But that's when all the trouble really started. Two years into his first mayoral term, what began as a professional relationship with a longtime local news anchor exploded into a public affair that wrecked his 20-year marriage and derailed her journalism career. Then, urged on by wealthy political patrons including former Mayor Richard Riordan and philanthropist and civic leader Eli Broad, Villaraigosa adopted their pet cause of "education reform" (support for charter schools, curbs on teacher power)--a policy area far outside an LA mayor's wheelhouse--which put him on a collision course with his former allies and colleagues in the teachers' union. After signing a generous five-year wage package early on, the 2009 recession forced him to reverse field, and his efforts to balance the city budget with layoffs, furloughs, and scaling back pensions permanently alienated most of the city unions.
Villaraigosa's 2005-2013 mayoral tenure is not without success--notably in green jobs, energy, and environmental policies, and his undeniable leadership and achievements in restarting the Westside subway extension and funding other regional transit projects--but his own account of the Villaraigosa years, "Straight From the Heart," significantly exaggerates some achievements (reducing homelessness) and overstates his role in others (violent crime reduction, education gains).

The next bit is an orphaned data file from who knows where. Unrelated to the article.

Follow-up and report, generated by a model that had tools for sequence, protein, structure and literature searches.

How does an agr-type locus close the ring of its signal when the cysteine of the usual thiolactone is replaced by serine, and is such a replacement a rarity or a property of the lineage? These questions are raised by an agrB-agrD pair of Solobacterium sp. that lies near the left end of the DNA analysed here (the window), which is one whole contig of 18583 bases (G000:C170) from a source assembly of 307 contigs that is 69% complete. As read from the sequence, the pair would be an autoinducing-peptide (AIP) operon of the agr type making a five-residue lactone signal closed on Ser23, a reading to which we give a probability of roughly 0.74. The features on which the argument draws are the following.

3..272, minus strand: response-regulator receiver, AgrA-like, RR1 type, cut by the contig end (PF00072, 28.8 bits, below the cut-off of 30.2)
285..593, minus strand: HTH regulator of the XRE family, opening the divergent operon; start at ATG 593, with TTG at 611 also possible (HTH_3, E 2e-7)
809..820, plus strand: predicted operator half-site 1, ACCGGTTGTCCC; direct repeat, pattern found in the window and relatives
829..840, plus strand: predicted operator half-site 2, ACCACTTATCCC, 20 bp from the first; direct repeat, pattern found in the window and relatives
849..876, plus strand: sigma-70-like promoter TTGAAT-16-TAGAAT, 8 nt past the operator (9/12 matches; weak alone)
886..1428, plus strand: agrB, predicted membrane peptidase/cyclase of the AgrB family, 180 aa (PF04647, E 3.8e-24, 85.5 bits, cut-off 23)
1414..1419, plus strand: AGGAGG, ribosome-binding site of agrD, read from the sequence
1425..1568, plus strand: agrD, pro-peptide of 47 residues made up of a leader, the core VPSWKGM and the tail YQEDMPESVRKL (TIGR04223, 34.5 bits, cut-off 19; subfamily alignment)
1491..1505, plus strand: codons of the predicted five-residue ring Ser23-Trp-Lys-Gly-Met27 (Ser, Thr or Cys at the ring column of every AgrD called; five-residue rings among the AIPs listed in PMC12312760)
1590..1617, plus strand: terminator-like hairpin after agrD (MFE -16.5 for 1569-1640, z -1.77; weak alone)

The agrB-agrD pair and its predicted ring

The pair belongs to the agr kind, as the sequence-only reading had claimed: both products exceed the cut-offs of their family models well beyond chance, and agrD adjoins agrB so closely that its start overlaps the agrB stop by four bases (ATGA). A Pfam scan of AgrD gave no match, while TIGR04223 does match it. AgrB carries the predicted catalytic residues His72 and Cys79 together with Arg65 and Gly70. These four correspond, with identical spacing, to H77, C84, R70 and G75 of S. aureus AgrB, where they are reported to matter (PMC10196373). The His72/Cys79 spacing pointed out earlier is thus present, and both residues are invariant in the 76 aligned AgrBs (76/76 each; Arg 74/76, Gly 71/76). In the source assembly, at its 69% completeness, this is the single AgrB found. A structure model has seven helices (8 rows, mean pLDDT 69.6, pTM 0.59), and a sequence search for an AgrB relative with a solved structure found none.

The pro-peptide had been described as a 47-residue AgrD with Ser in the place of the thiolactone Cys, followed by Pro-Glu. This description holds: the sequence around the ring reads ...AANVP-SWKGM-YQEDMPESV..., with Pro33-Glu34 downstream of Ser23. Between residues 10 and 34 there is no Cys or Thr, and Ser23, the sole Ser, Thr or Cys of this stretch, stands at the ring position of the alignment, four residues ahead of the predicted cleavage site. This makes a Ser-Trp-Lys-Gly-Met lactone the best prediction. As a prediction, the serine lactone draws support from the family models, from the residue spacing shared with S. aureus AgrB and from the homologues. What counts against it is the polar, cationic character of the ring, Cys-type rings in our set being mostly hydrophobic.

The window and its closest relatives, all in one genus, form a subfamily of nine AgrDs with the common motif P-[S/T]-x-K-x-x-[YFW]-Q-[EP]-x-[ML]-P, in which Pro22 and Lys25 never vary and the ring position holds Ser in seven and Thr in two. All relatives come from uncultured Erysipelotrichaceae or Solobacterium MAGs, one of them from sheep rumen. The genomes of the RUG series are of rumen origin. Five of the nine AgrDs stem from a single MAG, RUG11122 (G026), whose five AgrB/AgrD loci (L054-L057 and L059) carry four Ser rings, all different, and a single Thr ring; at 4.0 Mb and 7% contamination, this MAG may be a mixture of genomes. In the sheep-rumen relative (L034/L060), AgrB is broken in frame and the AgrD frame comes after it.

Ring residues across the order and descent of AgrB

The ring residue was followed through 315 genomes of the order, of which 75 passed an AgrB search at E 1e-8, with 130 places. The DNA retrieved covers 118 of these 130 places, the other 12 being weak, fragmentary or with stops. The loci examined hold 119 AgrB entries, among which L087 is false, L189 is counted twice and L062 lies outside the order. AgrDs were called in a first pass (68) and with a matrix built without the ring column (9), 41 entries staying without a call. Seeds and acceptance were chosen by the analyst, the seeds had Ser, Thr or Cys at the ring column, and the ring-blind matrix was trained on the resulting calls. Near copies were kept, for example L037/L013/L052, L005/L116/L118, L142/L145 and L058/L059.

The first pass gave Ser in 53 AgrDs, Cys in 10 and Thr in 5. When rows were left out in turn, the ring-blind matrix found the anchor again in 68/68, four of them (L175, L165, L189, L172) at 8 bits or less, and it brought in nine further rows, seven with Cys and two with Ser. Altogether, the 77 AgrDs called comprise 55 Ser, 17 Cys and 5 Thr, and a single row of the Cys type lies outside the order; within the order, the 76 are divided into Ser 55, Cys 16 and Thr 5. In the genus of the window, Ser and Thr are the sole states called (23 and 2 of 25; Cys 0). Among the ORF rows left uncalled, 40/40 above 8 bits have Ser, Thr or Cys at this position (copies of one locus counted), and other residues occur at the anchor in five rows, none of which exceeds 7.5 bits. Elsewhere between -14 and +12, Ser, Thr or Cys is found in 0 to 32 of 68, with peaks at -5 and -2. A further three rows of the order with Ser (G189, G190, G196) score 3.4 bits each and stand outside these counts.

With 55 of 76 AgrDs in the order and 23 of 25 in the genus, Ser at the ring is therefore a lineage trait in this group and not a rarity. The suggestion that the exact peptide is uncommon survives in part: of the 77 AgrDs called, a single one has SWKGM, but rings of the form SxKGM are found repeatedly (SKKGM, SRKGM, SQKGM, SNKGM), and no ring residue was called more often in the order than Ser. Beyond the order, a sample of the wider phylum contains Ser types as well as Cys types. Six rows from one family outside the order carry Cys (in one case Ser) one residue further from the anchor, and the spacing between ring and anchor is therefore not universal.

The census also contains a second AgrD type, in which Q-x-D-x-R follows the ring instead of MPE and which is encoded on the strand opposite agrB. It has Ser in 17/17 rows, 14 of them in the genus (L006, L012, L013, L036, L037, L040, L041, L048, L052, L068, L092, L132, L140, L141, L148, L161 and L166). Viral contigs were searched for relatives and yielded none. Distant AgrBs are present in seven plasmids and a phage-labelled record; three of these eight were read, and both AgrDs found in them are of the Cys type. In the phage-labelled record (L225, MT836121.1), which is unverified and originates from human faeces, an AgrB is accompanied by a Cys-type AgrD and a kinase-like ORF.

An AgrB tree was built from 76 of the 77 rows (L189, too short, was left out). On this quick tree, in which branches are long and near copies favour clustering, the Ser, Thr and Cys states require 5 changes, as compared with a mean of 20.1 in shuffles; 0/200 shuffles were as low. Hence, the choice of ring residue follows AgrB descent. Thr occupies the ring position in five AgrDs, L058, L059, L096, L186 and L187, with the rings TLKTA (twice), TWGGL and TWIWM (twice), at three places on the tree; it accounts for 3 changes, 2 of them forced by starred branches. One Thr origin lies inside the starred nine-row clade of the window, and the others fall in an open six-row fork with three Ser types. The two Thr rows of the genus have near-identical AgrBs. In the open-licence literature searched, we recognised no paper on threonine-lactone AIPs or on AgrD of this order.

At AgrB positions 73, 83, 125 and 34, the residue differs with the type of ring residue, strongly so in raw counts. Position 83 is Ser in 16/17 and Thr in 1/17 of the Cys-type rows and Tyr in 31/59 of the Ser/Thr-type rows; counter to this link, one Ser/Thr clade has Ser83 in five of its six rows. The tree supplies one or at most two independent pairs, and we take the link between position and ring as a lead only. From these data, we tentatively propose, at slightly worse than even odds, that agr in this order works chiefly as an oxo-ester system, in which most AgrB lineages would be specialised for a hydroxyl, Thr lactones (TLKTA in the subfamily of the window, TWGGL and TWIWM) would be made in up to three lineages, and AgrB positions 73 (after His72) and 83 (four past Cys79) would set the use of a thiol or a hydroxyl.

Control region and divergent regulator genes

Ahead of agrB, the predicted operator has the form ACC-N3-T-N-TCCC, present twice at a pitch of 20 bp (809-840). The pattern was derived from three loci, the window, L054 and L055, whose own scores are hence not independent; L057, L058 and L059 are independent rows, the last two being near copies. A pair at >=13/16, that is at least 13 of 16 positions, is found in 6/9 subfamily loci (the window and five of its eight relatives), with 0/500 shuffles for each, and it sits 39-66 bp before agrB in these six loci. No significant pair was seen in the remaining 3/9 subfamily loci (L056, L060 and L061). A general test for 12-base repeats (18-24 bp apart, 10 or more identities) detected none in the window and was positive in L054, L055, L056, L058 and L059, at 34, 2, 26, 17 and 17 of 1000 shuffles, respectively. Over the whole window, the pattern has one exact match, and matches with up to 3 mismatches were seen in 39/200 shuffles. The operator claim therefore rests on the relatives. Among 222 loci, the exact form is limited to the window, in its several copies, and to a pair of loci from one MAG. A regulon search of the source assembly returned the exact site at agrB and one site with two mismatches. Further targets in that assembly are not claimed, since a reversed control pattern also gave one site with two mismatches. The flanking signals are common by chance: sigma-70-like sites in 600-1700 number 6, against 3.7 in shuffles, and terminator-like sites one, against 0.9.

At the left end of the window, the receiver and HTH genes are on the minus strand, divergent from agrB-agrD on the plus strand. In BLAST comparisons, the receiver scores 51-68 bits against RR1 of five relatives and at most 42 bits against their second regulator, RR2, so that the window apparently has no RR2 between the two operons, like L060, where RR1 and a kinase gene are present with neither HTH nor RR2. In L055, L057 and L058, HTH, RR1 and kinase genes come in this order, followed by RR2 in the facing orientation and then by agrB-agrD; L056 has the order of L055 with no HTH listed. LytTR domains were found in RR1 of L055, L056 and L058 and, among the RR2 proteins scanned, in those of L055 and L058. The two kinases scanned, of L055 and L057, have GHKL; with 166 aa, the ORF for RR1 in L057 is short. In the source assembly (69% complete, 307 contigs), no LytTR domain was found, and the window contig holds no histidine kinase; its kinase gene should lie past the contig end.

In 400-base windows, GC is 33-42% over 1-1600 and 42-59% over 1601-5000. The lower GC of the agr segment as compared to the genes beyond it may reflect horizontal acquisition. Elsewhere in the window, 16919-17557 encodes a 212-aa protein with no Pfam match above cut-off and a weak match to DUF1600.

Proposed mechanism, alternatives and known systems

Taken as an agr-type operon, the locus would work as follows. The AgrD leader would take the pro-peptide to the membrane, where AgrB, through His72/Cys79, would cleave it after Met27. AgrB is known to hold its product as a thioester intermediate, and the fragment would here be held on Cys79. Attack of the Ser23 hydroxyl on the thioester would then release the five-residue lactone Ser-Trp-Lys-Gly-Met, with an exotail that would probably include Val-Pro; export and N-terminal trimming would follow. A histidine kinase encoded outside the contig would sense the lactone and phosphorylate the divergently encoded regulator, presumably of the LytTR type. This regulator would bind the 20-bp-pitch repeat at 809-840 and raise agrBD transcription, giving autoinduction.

Still, Villaraigosa's experience and accomplishments over the decades in organized labor, as a state legislative leader, and mayor of a major metropolis far outshine those of Gavin Newsom, who actually has relatively little to show for 14 years in local office--seven years as San Francisco supervisor representing a district barely a third the size of an LA council district, and seven years as mayor of a city barely 20% of the population of LA and less than 10% of our land area--and virtually nothing of consequence in the seven years he's spent as lieutenant governor, a superfluous statewide office lacking any real power that offers its occupants limited political visibility and little else. Only Gray Davis, with far more state-level experience, rose from it to become governor, and we know how that unfortunately turned out.